There are degrees of autonomy in any laboratory. Many decisions are predefined in writing, from how many times to attempt collecting a blood sample to troubleshooting quality control failure. Novel situations are often handled by supervisors. But critical thinking is necessary at all levels of an organization and applicable in many situations. They also enhance your brand and boost your career.

As Time reported last year, a lack of soft skills for new college graduates is leaving many jobs unfilled. These include communication, interpersonal, creativity and critical thinking skills. According to one survey, technical and computer-related proficiency rank much farther down the list of what employers value.[4] Developing your critical thinking skills early improves your marketability when competing with experience.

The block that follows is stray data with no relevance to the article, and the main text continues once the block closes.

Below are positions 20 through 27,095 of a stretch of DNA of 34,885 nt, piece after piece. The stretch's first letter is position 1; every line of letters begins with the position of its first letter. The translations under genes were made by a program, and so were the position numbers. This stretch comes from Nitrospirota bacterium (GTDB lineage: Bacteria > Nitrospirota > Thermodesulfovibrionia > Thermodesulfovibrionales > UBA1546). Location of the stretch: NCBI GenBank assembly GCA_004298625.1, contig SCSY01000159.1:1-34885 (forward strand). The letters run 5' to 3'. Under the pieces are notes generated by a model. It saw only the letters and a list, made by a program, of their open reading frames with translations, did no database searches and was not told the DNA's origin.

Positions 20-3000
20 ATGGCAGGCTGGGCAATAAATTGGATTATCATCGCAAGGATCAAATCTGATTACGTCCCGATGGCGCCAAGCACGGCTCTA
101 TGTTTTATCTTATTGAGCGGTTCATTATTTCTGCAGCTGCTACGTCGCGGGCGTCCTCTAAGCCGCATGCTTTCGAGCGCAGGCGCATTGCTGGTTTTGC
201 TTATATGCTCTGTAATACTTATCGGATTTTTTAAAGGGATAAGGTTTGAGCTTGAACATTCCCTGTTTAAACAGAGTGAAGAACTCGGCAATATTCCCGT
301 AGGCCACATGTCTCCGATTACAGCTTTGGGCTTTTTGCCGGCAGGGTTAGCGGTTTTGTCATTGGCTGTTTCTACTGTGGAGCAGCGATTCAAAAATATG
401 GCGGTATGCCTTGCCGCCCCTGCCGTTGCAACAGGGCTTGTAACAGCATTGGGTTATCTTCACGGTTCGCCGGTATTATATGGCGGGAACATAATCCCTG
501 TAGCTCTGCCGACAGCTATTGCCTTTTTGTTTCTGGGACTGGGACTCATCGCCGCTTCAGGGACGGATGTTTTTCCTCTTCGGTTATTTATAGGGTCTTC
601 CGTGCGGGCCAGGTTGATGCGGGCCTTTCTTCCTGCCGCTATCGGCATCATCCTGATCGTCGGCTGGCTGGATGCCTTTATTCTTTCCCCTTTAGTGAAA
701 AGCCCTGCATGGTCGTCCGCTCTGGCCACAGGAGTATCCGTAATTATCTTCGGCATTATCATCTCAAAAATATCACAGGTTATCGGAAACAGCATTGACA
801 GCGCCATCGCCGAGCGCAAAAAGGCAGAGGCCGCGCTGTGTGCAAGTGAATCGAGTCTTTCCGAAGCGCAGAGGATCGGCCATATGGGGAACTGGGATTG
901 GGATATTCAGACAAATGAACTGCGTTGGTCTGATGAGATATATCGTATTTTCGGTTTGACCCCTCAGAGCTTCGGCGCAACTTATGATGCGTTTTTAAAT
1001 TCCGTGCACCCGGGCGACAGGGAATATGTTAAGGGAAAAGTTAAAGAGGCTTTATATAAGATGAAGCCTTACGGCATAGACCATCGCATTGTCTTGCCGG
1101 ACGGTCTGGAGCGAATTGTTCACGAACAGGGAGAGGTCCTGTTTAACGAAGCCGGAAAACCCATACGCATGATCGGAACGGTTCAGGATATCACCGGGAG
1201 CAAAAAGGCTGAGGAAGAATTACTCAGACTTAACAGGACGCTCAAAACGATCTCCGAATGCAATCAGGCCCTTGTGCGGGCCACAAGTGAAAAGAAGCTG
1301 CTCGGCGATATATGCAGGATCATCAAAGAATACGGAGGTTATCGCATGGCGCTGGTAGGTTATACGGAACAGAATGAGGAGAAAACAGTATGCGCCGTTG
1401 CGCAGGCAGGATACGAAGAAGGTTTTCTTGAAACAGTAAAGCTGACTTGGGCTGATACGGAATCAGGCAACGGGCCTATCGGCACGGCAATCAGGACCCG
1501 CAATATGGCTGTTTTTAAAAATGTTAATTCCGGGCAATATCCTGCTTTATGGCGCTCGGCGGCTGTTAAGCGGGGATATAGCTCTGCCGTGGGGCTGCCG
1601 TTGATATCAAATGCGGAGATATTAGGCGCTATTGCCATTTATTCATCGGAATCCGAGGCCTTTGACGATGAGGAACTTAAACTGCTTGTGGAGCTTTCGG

Despite this, colleges and schools don’t adequately challenge students to think critically. One study concluded among allied health programs that 64.9 percent of students had weak critical thinking skills; less than four percent had strong skills.[5] The technical details of laboratory medicine add to this challenge. Thus, each technologist must develop critical thinking skills on the job.

Core Skills
Critical thinking is about acquiring, understanding and applying knowledge to analyze and solve problems. All laboratory professionals can do this, but understanding basic steps can help enhance these core skills:[6]

– Knowledge – identification and recall of information on a subject (who, what, where, etc.).

– Comprehension – the ability to organize, interpret, and paraphrase knowledge.

– Application – using the knowledge to solve problems, especially in novel situations.

– Analysis – connecting or separating pieces of information to determine its significance.